Occipital Neuralgia after Occipital Cervical Fusion to Treat an Unstable Jefferson Fracture

Article information

Korean J Spine. 2012;9(4):358-361
Publication date (electronic) : 2012 December 31
doi : https://doi.org/10.14245/kjs.2012.9.4.358
1Department of Neurological Surgery, Gangneung Asan Hospital, University of Ulsan College of Medicine, Gangneung, Republic of Korea.
2Department of Neurological Surgery, Asan Medical Center, College of Medicine, University of Ulsan, Seoul, Republic of Korea.
Corresponding Author: Sung Woo Roh, MD, PhD. Department of Neurological Surgery, Asan Medical Center, University of Ulsan College of Medicine, 388-1 Pungnap-2dong, Songpa-gu, Seoul 138-736, Republic of Korea. Tel: +82-2-3010-3550, Fax: +82-2-476-6738, swroh@amc.seoul.kr
Received 2012 October 04; Revised 2012 November 12; Accepted 2012 December 14.

Abstract

In this report we describe a patient with an unstable Jefferson fracture who was treated by occipitocervical fusion and later reported sustained postoperative occipital neuralgia. A 70-year-old male was admitted to our center with a Jefferson fracture induced by a car accident. Preoperative lateral X-ray revealed an atlanto-dens interval of 4.8mm and a C1 canal anterior-posterior diameter of 19.94mm. We performed fusion surgery from the occiput to C5 without decompression of C1. The patient reported sustained continuous pain throughout the following year despite strong analgesics. The pain dermatome was located mainly in the great occipital nerve territory and posterior neck. Magnetic resonance images revealed no evidence of cord compression, however a C1 lamina compressed dural sac and C2 root compression could not be excluded. We performed bilateral C2 root decompression via a C1 laminectomy. After decompression, bilateral C2 root redundancy was identified by palpation. After decompression surgery, pain was reduced. This case indicates that occipital neuralgia, suggesting the need for diagnostic block, should be considered in the differential diagnosis of patients with sustained occipital headache after occipitocervical fusion surgery.

INTRODUCTION

The pathogenesis of occipital neuralgia is unclear, with diagnosis dependent on diagnostic block. Although there have been several studies of the cause of occipital neuralgia, none has reported occipital neuralgia caused by direct compression of the C2 nerve root after treatment of a Jefferson fracture4,9). Here, we describe a patient with an unstable Jefferson fracture who was treated by occipitocervical fusion and later reported sustained postoperative occipital neuralgia.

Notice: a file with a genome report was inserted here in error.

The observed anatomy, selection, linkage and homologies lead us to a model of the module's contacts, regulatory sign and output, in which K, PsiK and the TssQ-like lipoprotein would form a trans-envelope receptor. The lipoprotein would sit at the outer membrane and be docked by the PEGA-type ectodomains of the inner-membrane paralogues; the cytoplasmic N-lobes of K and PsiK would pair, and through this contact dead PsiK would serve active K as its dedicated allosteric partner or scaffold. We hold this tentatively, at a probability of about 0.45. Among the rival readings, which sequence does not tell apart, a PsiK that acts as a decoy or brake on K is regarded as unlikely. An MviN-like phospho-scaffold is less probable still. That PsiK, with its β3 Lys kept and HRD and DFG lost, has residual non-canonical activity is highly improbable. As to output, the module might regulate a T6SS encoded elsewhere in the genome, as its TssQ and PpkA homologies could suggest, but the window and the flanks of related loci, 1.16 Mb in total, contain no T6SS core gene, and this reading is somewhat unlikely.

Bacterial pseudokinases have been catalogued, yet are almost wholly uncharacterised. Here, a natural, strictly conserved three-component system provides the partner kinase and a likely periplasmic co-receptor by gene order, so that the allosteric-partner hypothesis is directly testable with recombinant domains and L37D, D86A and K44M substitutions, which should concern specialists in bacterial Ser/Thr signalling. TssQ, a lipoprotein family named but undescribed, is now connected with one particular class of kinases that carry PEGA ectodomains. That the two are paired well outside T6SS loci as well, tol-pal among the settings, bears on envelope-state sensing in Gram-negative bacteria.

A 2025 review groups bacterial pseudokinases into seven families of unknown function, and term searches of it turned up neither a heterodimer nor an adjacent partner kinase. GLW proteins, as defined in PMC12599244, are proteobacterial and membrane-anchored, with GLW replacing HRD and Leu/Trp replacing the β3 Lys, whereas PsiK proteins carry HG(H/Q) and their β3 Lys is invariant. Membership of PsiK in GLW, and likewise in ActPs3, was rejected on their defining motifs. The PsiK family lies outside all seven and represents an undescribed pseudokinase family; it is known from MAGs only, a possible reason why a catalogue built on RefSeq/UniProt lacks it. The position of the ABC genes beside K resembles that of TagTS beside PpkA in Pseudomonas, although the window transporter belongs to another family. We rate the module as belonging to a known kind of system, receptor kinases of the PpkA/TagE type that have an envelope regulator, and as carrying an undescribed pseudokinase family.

CASE REPORT

A 70-year-old male was admitted to our center with a Jefferson fracture caused by a car accident. The patient reported neck pain with an intensity of 7-8 on a visual analog scale ranging from 0-10, without any neurological deficit other than combined injury. A preoperative open mouth view showed a 7.26mm lateral displacement of the C1 to the C2 lateral mass. Preoperative lateral X-ray also revealed an atlanto-dens interval of 4.39mm and a C1 canal anterior-posterior diameter of 20.20mm. Preoperative magnetic resonance imaging (MRI) and computed tomography showed fractures of the bilateral anterior arch and the left side posterior arch of C1, and injury to the transverse ligament. Although there was no cord compression or abnormal cord signal change, mild dural sac compression of the left lateral side was observed (Fig. 1).

Fig. 1

(A) Preoperative open mouth view, showing a 7.26 mm displacement of the left C1 lateral mass to the C2 lateral mass. (B) Preoperative lateral X-ray showing a 4.39 mm atlanto-dens interval and a C1 canal diameter of 20.20mm. (C) Preoperative T2-weighted midline magnetic resonance sagittal image showing an absence of cord compression. (D) Preoperative T2-weighted magnetic resonance axial image at C1-C2 level revealing a Jefferson fracture, injury to the transverse ligament, and dural compression of the left side fractured lamina.

We decided to perform fusion surgery from the occiput to C5 without decompression of C1. The C1 lamina was used as a fusion bed with an iliac bone block from the occiput and C2, and further bone fusion from the occiput to C5 was per formed using iliac bone chips. Postoperative lateral X-rays showed an atlanto-dens interval of 3.12mm and a C1 canal anterior-posterior diameter of 15.13mm(Fig. 2). There were no complications during or after surgery. The patient had normal neurological status, but reported neck pain and occipital headache, which we initially believed was part of the normal postoperative course; however, the patient reported sustained continuous pain for 1 year, despite strong analgesics. The pain dermatome was located mainly in the great occipital nerve territory and posterior neck (Fig. 3). Although MRI revealed no evidence of cord compression, a C1 lamina compressed dural sac and C2 root compression could not be excluded (Fig. 4). From the pain dermatome and C1 lamina-induced dural compression we suspected C2 compression. A diagnostic bilateral C2 root block resulted in mild pain improvement; therefore, we decided to decompress the canal and bilateral C2 roots surgically. During the operation, we found that the previous implantation of bone chips had resulted in firm bone stability and rigid bone fusion; however, we also observed a bone block resorption from the occiput to the C2 as well as replacement by thick fibrous tissue. Removal of the latter showed that the C1 posterior arch had severely compressed the dural sac. We therefore performed bilateral C2 nerve root decompression followed by central canal decompression. After identifying bilateral C2 root redundancy by palpation, we completed the surgery (Fig. 5). One month later, the patient reported improvement of the occipital and neck pain (intensity of 1-2 on a visual analog scale).

Fig. 2